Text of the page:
Stress is an emotional response to a real or perceived threat. Situational,** or acute stress,** occurs when you think, “I have to solve this problem or something bad is going to happen.”** Chronic stress** occurs when you can no longer see a way to solve the problem. Situational stress can cause short-term physical symptoms. However, chronic stress can lead to long-term health problems, such as heart disease, high blood pressure, and diabetes.
Short-term situational stress
Imagine a college student cramming for an exam. Imagine sitting in traffic, knowing it could make you late for work. These situations can cause short-term worry or concern, which are forms of stress. However, these types of situations have an ending. You complete the task at hand or find a solution to the problem, and the stress dissipates.
This type of stress can cause temporary physical symptoms, such as:
You might also feel irritable and edgy. Usually, once the situation has resolved itself, your symptoms quickly disappear. Your body and mood return to normal and there aren’t lasting health consequences.
Even though situational stress is normally short-term, it can still cause problems. You might find it difficult to concentrate or find you are unable to make a decision. You might feel light-headed. For some people, stress can trigger a panic attack. If you only experience this type of stress occasionally, relaxation techniques like deep breathing, yoga, or meditation can help. Exercise can also reduce stress levels.
If, however, you experience this type of stress on a regular basis (not from an ongoing situation, but you find that you easily become stressed), it might help to work with a therapist to find additional ways to reduce your stress levels.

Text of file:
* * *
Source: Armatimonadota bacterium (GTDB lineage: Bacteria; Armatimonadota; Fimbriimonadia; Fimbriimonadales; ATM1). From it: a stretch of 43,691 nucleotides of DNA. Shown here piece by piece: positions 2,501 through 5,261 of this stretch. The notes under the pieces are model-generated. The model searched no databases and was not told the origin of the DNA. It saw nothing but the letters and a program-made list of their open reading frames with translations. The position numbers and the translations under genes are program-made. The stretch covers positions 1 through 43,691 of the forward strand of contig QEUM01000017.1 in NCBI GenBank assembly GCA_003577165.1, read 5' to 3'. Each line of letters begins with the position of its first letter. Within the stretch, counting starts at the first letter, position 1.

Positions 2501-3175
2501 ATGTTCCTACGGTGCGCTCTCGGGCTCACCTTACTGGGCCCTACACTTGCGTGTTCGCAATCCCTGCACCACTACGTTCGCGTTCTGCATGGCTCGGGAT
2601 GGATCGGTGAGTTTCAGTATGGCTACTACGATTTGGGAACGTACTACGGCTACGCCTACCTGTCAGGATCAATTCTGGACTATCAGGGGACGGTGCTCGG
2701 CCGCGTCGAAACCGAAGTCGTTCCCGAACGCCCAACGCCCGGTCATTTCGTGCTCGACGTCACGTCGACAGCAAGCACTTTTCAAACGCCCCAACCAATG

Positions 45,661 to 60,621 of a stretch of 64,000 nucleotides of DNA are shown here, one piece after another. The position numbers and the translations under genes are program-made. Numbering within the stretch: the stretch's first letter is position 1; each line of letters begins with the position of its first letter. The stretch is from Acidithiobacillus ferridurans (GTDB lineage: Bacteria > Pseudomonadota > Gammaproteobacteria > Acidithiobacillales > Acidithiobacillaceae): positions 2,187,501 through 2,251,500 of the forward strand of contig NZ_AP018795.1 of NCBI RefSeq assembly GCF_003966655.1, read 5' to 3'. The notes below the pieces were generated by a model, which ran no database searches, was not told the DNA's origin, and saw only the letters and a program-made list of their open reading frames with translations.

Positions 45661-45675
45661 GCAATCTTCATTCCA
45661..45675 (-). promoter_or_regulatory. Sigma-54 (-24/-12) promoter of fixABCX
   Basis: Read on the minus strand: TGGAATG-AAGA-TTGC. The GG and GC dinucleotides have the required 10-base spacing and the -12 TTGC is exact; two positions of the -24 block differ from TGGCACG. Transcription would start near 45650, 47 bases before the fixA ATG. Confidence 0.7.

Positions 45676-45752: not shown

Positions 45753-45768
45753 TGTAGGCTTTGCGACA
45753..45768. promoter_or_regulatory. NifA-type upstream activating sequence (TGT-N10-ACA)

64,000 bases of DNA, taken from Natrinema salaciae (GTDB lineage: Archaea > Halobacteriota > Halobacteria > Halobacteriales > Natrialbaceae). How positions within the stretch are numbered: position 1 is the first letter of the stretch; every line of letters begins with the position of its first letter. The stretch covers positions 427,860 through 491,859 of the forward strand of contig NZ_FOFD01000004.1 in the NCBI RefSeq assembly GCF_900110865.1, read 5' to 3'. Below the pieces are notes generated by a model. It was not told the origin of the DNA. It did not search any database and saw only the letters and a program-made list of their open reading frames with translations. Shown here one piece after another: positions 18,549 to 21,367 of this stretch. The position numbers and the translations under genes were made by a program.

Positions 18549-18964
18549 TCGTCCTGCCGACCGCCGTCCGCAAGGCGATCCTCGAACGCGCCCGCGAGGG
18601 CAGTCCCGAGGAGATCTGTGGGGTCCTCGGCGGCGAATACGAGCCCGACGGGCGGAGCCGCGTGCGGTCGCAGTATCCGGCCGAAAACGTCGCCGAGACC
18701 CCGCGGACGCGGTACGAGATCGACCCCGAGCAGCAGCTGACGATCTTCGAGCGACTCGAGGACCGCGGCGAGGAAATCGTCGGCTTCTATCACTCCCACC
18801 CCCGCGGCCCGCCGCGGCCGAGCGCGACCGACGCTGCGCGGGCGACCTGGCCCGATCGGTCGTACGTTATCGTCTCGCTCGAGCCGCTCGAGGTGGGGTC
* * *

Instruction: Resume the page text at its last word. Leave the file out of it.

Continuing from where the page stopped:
Chronic stress occurs when you live through a stressful situation day in and day out. Maybe you are in an unhealthy relationship, or you have a demanding job -- or a job you despise. Maybe you care for a sick relative, have financial problems, or have difficult neighbors. When you have chronic stress, you often don’t see a solution to the problem or have stopped looking for one. You feel stuck. Because of this, chronic stress can sometimes lead to depression.
Occasionally, chronic stress results from traumatic childhood experiences. It can also happen if you were taught a narrow or negative view of the world, e.g., “The world is a dangerous place,” or “Everyone is out to get you,” or “Don’t trust anyone.” You might carry these sentiments with you throughout your life, making every situation stressful.
Because there isn’t an end to your high stress levels, your body remains in a stressful state. You become used to feeling stressed and stop noticing the tight muscles, headaches, or other physical symptoms. When this happens, you stop looking for ways to de-stress; you see this as your normal state. This can cause long-term health problems, and you are at risk of developing depression or an anxiety disorder.
People with high levels of chronic stress are also at risk of developing diabetes, heart disease, high blood pressure, and other long-term health conditions. Some people don’t even realize they have chronic stress until they seek medical attention for a related physical problem.
Treatment for chronic stress can include a thorough physical exam can determine if you have any medical conditions that need addressing, while a therapist can help with both behavioral treatment and ongoing stress management.
Fact Sheet on Stress: National Institute of Mental Health
Stress: University of Maryland Medical Center
Stress: The different kinds of stress: American Psychological Association